Winnipeg police will be patrolling the city from a Hummingbird come this fall.

An EC-120B Colibri, also known as a Hummingbird, has been selected as the helicopter that will serve the Winnipeg Police Service's (WPS) air patrol.

Calling the helicopter "a crime-fighting tool utilized in many other major urban centres," Manitoba Minister of Justice Andrew Swan and Mayor Sam Katz announced Friday that Eurocopter Canada Limited has been awarded the contract to provide the craft to the police service.

The new Flight Operations Unit should take to the skies by October, said police chief Keith McCaskill.

But if the chopper is outfitted and ready to go sooner, then it will be in the air sooner, he added.

A formal bidding process was followed once a funding agreement had been struck between the City of Winnipeg and provincial government.

In December, City Council voted to spend $3.5 million to purchase the helicopter. The province has agreed to provide $1.3 million a year in operating costs as well as about $25,000 in annual inflationary costs.

Swan said the province will also fund the cost of three additional officers required to staff the helicopter.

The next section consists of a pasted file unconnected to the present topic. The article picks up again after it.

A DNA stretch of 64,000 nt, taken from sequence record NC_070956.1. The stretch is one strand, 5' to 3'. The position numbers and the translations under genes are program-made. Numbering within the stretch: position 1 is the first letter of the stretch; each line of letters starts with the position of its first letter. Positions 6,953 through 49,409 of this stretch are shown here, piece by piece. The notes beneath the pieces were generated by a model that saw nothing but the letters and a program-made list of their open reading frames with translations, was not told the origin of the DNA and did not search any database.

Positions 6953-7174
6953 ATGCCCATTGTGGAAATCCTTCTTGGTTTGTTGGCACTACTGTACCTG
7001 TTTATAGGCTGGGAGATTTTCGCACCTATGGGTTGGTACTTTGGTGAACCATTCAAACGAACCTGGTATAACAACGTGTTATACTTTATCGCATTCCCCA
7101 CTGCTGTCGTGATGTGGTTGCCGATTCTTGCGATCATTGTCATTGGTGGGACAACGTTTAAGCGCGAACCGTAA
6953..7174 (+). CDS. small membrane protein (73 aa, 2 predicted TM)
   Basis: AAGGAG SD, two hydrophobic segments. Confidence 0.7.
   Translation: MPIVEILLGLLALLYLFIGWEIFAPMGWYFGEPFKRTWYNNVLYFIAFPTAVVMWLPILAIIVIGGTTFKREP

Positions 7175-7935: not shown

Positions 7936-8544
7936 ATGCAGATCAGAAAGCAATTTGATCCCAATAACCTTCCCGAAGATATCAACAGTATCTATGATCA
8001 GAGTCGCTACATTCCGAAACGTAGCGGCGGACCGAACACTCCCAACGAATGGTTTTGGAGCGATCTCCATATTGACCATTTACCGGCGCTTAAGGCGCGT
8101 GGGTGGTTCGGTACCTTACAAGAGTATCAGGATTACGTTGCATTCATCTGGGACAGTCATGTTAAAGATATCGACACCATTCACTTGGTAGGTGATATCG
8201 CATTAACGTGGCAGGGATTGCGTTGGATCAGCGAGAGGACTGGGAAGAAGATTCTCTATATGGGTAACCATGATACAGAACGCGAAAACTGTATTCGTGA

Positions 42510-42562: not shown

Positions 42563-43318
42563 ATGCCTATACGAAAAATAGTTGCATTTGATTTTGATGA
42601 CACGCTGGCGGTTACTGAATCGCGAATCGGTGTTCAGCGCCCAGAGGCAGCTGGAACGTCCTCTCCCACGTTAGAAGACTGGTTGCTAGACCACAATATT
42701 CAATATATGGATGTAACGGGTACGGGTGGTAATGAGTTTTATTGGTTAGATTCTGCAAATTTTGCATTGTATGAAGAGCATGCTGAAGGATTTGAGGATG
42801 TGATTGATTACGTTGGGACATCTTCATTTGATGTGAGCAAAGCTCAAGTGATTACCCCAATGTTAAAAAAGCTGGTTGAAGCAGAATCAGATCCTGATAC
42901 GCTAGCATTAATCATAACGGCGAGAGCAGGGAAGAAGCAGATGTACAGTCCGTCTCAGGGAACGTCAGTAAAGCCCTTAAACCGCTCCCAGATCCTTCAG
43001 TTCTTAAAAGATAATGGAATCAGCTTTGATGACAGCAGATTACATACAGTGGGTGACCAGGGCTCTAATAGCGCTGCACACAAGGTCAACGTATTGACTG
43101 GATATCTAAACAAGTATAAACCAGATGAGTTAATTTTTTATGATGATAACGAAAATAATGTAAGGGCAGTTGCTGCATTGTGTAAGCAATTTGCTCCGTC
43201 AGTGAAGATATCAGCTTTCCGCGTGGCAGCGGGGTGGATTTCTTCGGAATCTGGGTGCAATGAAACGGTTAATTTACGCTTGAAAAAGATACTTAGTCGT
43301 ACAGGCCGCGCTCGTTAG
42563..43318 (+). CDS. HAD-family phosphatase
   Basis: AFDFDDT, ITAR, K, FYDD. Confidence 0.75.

"The government of Manitoba is committed to investing in public safety," he said.

"This is an exciting day for the [police] service, added McCaskill. "The helicopter is going to be a vital part of our operations and will help us respond more quickly and safely to crime in our city."

The air-support operations provided by the helicopter will provide many benefits, according to a news release from the WPS:

  • Increased public safety.
  • Enhanced officer safety.
  • Faster response times.
  • Improved pursuit management and a reduction in the number of dangerous high-speed pursuits.
  • Greater apprehension rates involving police pursuits or suspects fleeing crime scenes.
  • Added deterrence and enforcement of traffic related issues (street racing, impaired driving).
  • Live aerial video feeds of incidents for commanders on the ground.
  • Improved support for missing person searches involving broad search areas and difficult terrain.
  • Fewer demands of on-the-ground resources by using aerial support to serve as a "force multiplier" (a tool that allows one officer to accomplish the work of many).
  • Greater police visibility in the community.

That will also save money because damage to marked cruiser cars cost the service more than $400,000 in 2008, McCaskill has said.

That damage is often caused when police are forced to engage suspects in high-speed pursuits.

The helicopter will be in service for about 80 hours a week and be equipped with a thermal imaging camera to track suspects from the air by their bodies give off, as well as a spotlight to illuminate areas from above to aid officers conducting searches on the ground.

The FLO will be staffed with a combination of police officers and civilian pilots. The aircraft maintenance will also be done by a civilian engineer or firm, according to the WPS.

The location for a hangar base has yet to be determined.